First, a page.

Trio create artificial magnetic wormhole

August 21, 2015 by Bob Yirka, report

(a) The field of a magnetic source (right) is appearing as an isolated magnetic monopole when passing through the magnetostatic wormhole; the whole spherical device is magnetically undetectable. (b) The wormhole is composed of (from left to right) an outer spherical ferromagnetic metasurface, a spherical superconducting layer, and an inner spirally wound ferromagnetic sheet. Credit: Scientific Reports 5, Article number: 12488 (2015) doi:10.1038/srep12488
(—A trio of physicists with the Autonomous University of Barcelona has built what they claim is the first artificial magnetic wormhole. In their paper published in the journal Scientific Reports, Jordi Prat-Camps, Carles Navau and Alvaro Sanchez describe how they built the device and why they believe it might prove useful in building a more user-friendly MRI machine.

People have grown familiar with the term wormhole as it applies to physics and science-fiction. It has been described as a portal in space-time, where an object, or perhaps a person, could be transported from one region of space to another, nearly instantaneously. And while the theory has stood the test of time, no one has ever been able to prove that they actually exist. In this new effort, the researchers built a much simpler version, one that applies only to a . Their device essentially allows for a magnetic field to be conveyed from one point to another, while remaining magnetically invisible.

The device is a three layered —at its center they placed a magnetized metal tube. The tube was then surrounded by a sphere made of strips of a superconducting material (yttrium barium copper oxide)—it served to deflect incoming fields. Another sphere was then placed over the whole works to make the deflection of the inner sphere undetectable. To make the device work as intended it was put into a liquid nitrogen bath to bring the temperature inside the sphere down to the point where the yttrium barium copper oxide behaved as a superconductor. The end result was a device that made it appear that a magnetic field suddenly disappeared, then reappeared at another place.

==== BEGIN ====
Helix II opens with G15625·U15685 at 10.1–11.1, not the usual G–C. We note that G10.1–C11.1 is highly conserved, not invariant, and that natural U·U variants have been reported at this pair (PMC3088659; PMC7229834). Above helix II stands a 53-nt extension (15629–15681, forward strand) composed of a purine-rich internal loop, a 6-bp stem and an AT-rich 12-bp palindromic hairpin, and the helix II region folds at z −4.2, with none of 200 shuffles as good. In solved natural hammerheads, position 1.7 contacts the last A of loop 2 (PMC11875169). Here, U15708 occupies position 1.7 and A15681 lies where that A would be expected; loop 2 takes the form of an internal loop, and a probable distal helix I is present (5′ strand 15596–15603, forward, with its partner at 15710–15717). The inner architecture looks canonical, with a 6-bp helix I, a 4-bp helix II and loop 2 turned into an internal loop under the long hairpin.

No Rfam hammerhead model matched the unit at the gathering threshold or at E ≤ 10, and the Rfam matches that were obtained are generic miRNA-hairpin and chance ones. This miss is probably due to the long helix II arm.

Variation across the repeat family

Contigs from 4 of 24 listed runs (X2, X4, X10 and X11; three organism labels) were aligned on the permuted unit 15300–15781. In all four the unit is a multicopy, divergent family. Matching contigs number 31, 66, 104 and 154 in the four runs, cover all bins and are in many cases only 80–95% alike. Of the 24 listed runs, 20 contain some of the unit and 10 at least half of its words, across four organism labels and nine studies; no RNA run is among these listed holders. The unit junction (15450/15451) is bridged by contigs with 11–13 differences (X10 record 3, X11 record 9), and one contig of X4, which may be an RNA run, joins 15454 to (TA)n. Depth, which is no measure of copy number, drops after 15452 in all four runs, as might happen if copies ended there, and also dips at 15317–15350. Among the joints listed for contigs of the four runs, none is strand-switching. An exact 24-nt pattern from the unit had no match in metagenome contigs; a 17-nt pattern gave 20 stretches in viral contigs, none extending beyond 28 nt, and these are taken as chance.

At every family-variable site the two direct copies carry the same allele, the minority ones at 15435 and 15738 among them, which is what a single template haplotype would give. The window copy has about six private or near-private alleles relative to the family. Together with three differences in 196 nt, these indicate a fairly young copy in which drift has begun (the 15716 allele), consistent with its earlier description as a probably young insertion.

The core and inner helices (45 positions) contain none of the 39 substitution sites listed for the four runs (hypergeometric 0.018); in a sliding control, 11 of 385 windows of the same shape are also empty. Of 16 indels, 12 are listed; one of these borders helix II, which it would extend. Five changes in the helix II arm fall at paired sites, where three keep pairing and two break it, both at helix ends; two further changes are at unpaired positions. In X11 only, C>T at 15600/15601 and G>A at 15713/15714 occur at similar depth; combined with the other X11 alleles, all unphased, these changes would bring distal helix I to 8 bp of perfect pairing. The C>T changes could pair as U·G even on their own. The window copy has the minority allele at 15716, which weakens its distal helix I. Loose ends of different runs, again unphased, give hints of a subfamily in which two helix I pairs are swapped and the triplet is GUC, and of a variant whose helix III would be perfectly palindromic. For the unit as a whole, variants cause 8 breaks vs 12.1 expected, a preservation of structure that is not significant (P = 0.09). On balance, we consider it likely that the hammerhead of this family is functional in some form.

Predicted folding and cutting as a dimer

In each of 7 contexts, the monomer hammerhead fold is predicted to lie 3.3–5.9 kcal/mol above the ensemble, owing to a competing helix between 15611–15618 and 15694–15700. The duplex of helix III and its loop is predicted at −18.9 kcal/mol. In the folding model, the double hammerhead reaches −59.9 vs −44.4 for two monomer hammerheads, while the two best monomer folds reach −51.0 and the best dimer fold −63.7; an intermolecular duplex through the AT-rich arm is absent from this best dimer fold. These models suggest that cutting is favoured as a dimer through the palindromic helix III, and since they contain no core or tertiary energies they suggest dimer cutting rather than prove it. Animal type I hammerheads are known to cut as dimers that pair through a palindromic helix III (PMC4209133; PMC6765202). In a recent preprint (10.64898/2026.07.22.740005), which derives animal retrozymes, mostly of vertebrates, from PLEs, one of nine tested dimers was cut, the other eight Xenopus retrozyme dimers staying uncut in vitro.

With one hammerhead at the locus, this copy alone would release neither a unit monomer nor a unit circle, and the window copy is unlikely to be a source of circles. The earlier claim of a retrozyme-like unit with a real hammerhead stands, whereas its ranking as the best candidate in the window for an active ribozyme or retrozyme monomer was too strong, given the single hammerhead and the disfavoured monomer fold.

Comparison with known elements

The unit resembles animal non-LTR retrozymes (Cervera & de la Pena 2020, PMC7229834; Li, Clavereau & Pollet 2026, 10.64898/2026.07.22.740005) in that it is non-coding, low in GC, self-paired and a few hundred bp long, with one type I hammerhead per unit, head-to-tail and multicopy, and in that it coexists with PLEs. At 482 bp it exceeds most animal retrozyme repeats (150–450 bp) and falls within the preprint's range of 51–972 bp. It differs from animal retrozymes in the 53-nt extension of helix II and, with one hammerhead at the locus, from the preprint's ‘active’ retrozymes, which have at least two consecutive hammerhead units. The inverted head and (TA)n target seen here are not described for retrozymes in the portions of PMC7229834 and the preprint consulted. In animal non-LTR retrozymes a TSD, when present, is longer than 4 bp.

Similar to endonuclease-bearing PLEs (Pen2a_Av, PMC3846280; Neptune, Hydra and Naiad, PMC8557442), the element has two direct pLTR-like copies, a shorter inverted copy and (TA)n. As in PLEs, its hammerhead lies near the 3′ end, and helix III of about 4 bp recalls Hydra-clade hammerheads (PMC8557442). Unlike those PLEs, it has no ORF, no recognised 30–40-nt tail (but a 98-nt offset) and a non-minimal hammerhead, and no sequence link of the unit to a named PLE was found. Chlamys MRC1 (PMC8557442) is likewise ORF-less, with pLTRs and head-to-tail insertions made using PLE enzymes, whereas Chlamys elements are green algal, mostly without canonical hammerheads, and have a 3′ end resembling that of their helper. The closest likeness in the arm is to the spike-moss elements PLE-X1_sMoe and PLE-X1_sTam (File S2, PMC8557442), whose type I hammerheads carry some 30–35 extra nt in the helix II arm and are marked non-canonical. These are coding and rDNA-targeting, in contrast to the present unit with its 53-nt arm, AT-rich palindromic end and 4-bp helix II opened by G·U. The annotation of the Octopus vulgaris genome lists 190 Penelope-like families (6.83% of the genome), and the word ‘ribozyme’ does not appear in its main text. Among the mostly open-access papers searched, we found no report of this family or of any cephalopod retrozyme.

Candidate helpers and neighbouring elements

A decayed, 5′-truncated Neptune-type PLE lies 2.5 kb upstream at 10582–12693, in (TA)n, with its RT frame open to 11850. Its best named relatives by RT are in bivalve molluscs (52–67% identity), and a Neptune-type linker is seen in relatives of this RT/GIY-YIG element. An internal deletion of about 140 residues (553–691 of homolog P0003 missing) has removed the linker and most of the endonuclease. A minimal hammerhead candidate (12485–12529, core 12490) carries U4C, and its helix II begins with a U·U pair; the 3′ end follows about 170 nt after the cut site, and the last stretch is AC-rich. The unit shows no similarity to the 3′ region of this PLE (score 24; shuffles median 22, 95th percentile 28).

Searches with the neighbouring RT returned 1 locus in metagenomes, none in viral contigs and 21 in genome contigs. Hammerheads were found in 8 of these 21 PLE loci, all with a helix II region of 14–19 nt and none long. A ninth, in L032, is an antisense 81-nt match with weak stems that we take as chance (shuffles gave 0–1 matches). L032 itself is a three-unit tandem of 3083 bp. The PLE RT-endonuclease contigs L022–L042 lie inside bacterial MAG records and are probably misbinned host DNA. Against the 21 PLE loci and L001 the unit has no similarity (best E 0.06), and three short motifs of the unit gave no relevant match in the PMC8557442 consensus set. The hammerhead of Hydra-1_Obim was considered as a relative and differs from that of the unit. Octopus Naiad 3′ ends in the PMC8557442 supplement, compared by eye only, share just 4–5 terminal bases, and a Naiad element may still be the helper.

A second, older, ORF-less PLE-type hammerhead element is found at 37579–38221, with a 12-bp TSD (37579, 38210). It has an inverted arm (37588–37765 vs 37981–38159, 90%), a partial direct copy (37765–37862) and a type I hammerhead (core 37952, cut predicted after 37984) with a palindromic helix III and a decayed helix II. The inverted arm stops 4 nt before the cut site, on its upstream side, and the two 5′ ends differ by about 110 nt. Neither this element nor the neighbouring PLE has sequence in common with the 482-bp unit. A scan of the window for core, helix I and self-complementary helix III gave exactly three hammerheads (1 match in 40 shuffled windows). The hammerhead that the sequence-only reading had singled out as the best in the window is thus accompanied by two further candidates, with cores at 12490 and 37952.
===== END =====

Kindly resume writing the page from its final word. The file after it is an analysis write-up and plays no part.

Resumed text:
The team tested their device by placing it in an that that they created and then placed magnetic probes at either end of the sphere. The first probe indicated the presence of a monopole-like field. The second probe was moved back and forth across the length of the sphere and indicated no magnetic field was present—temporarily removing either shell revealed that there was indeed a field inside the sphere.

Beyond its research value, the team believes that their device could serve as the basis for a new type of MRI machine, one that could relieve patients from having to sit inside of a big loud shell while their insides are examined.

Explore further: High-sensitivity, high resolution magnetocardiography for use at room temperature

More information: A Magnetic Wormhole, Scientific Reports 5, Article number: 12488 (2015) DOI: 10.1038/srep12488

Wormholes are fascinating cosmological objects that can connect two distant regions of the universe. Because of their intriguing nature, constructing a wormhole in a lab seems a formidable task. A theoretical proposal by Greenleaf et al. presented a strategy to build a wormhole for electromagnetic waves. Based on metamaterials, it could allow electromagnetic wave propagation between two points in space through an invisible tunnel. However, an actual realization has not been possible until now. Here we construct and experimentally demonstrate a magnetostatic wormhole. Using magnetic metamaterials and metasurfaces, our wormhole transfers the magnetic field from one point in space to another through a path that is magnetically undetectable. We experimentally show that the magnetic field from a source at one end of the wormhole appears at the other end as an isolated magnetic monopolar field, creating the illusion of a magnetic field propagating through a tunnel outside the 3D space. Practical applications of the results can be envisaged, including medical techniques based on magnetism.